From: terrymoselat

Date: 29 October 2009 02:41:53 GMT

Subject: Lectures, Sky Guide, Asteroid Impact, Flight Test, New Sunspot, Most distant GRB

Hi all,


1. NOV 4: IAA FREE PUBLIC LECTURE, BELFAST: The next lecture of the Irish Astronomical Association's new season will be given by well-known space author and lecturer Brian Harvey.  

   His talk is entitled "The Chinese Space Programme". Will they launch their own 'Space Station'? Will they land men and/or women on the Moon before the Americans do so again?  It's on WEDNESDAY 4 NOVEMBER, at 7.30 p.m., in the Bell Lecture Theatre, Physics Building, Queen's University, Belfast. ADMISSION IS FREE, as always, and includes light refreshments. Everyone is welcome! Full details of the rest of the programme are on the website:



2. RIA LECTURE IN DUBLIN AND BELFAST. The Royal Irish Academy has organised two lectures by former president of the RAS Prof Sir Michael Rowan Robinson, entitled "The cosmology of Distant and Dusty Galaxies". These will be held in DUBLIN in the RIA in Dawson St at 6.00 on 2 November, and in BELFAST at 6.00 on 3 November in the O'Connor Lecture Theatre, University of Ulster, Belfast campus, York St.  Admission is free, but by ticket only, from, although for the Belfast lecture at least you would probably be OK just turning up in time and asking for a ticket.


3.  Blackrock Castle Observatory: November newsletter. There is limited availibility for Halloween's Movie by Moonlight and children's midterm workshops 'Planets of our Solar System'. The Vampire Ball is sold out. We are pleased to introduce a new theatrical programme from RSVP - History in Action. We hope you can enjoy some of the exciting events on offer! Regards and Clear Skies from all at Blackrock Castle Observatory. Please see <> for the online version


4.  MAC LECTURETuesday November 3rd. Mr. Seanie Morris, MAC Secretary, will present a talk entitled "Is that the Moon? How did that get there?" It will take place in the Presbyterian Church, High Street, Tullamore at 8:00pm. All things scientific and astronomical will be explored. All are welcome and admission is €2,.00.


 5. FREE SKY GUIDE: John Flannery writes: "I'm pleased to report that the sky guide for 2010 is now available for you to download. This is your FREE 36-page guide to what's up in the skies over Ireland for the year ahead. The monthly notes in this year's booklet have been changed to a much handier calendar format which you can stick up somewhere as a reminder of what is happening in the current month. More comprehensive detail about astronomical phenomena can be found in the other pages. Feel free to get in touch if you would like to know more about a particular event or if you spot errors that need to be corrected. Enjoy!

   I will be adding a second file soon which will contain the daily rise and set times for the Sun, Moon, and major planets, along with their solar elongation, brightness, and other ephemerides. I'll update everyone as soon as that is available.

   Sky Guide 2010 is hosted on the file sharing web site Mediafire and can be downloaded by pasting the link below into your web browser. Click on the sky_guide_2010.pdf file name in Mediafire and then the "Click here to download" on the left-hand side of the next displayed page. A pop-up might appear but hopefully I'll soon get the file hosted on another web site which will be astronomy-related.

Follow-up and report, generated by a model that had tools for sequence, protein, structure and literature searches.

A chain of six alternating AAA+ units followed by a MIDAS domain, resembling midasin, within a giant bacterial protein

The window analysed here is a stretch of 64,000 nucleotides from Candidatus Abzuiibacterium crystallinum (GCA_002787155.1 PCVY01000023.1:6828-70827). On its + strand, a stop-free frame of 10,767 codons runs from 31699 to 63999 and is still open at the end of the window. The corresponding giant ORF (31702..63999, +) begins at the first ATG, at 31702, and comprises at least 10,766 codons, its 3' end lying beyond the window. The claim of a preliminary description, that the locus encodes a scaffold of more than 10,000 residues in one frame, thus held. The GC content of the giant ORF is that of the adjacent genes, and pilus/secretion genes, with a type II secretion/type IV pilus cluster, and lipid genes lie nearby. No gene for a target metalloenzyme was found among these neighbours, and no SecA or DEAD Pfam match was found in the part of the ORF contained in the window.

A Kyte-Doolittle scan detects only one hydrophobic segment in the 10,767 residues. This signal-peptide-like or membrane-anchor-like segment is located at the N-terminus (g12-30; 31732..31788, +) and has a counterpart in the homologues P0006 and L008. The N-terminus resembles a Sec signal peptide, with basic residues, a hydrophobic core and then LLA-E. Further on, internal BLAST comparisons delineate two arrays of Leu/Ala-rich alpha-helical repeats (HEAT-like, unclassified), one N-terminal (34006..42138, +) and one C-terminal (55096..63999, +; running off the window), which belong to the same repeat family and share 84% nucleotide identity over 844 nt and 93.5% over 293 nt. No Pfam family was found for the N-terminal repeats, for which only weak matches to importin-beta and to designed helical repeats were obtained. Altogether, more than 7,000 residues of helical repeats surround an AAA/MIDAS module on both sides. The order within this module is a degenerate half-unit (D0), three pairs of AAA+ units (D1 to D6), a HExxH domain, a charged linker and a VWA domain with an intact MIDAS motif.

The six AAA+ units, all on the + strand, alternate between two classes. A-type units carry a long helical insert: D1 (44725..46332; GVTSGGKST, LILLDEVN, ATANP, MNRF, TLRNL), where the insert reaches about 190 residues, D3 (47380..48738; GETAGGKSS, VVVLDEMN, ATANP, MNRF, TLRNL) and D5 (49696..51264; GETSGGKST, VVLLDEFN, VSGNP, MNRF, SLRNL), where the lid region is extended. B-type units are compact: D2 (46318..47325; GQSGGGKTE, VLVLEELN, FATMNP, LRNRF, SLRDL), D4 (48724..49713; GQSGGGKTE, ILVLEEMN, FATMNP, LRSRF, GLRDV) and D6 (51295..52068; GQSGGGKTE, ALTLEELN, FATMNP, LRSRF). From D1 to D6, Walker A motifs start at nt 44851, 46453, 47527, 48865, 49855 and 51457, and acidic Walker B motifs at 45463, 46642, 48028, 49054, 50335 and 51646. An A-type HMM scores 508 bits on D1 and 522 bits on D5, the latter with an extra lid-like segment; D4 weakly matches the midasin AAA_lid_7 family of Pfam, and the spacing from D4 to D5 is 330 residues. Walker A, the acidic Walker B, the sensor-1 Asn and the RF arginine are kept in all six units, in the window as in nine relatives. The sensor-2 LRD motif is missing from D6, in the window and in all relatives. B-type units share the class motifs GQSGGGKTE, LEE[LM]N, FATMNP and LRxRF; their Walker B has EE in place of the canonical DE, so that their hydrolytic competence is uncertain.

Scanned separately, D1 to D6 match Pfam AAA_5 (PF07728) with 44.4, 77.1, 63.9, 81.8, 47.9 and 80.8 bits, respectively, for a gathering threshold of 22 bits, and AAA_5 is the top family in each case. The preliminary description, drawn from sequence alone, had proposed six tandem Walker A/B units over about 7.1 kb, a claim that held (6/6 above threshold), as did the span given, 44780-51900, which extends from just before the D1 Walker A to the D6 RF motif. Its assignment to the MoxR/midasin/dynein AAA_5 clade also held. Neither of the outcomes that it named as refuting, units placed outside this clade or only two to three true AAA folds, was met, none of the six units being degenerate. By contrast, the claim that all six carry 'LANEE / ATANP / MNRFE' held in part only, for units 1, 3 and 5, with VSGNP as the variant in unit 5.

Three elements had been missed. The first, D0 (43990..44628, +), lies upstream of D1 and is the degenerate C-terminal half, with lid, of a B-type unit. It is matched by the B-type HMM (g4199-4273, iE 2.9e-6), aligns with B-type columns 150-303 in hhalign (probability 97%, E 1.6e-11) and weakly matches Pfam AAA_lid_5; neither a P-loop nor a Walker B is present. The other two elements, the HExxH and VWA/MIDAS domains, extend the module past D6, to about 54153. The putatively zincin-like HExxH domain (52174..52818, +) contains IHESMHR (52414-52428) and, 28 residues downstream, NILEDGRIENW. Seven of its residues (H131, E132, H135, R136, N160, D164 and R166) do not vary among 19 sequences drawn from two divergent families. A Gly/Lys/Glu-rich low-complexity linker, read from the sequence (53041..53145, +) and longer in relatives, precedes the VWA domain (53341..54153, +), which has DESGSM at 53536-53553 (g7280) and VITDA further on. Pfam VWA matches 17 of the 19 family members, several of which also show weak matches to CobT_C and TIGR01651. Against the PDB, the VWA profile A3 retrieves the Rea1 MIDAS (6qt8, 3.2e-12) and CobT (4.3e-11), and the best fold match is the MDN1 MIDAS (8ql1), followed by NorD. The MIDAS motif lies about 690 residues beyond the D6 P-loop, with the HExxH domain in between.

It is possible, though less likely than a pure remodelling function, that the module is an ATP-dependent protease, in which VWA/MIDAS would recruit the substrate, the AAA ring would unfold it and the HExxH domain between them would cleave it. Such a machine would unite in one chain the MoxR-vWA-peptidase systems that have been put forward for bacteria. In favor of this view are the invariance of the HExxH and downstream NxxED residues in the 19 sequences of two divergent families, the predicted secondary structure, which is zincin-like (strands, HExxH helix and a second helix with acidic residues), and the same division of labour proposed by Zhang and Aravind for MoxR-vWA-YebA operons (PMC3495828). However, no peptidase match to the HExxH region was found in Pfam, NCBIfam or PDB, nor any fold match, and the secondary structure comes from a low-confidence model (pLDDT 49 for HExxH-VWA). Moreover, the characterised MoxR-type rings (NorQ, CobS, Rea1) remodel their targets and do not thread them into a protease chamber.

6. ASTEROID IMPACT/EXPLOSION: A 10-metre wide near-Earth asteroid impacted the atmosphere and exploded over Indonesia archepeligo in early October. The event received very little coverage in the Western press but astronomers have analysed details gathered from eye-witnesses and local media coverage. Scientists estimate that the explosion was two or three times more powerful than the WW 2 atom bombs. More details are at


7. ARES 1 FLIGHT TEST. The flight-test of Nasa's new Ares rocket (this one is Ares I-X) took place successfully today, October 28th.  See It reached a height of 40 kilometres and carried numerous instruments to measure many aspects of this newly developed rocket. The test was crucial for the next stage of the Constellation programme which is part of Nasa's goal to develop a rocket and crew vehicle for future spaceflight. The programme is under scrutiny however because of its expense and may even be cancelled at a future date. Nasa recently released a report that recommends closer cooperation with private space ventures in developing vehicles for low-Earth orbit operations. Read more about Ares X-I at


8. BIG NEW SUNSPOT: The sun is showing signs of life. Sunspot 1029 emerged over the weekend, and it is crackling with B- and C-class solar flares.  The active region's magnetic polarity identifies it as a member of new Solar Cycle 24. If its growth continues apace, sunspot 1029 could soon become the biggest sunspot of 2009.  Check for animations and updates.


9. MOST DISTANT OBJECT EVER OBSERVED: Astronomers have just reported observation of the most distant object and event ever seen - a Gamma Ray Burst, at a distance of 13.1 billion Light Years. Detected by the SWIFT satellite, the event took place only 600 million years after the estimated date of the Big Bang, and the gamma rays from it have been travelling for the last 13.1 billion years to reach Earth!


Clear Skies,


Terry Moseley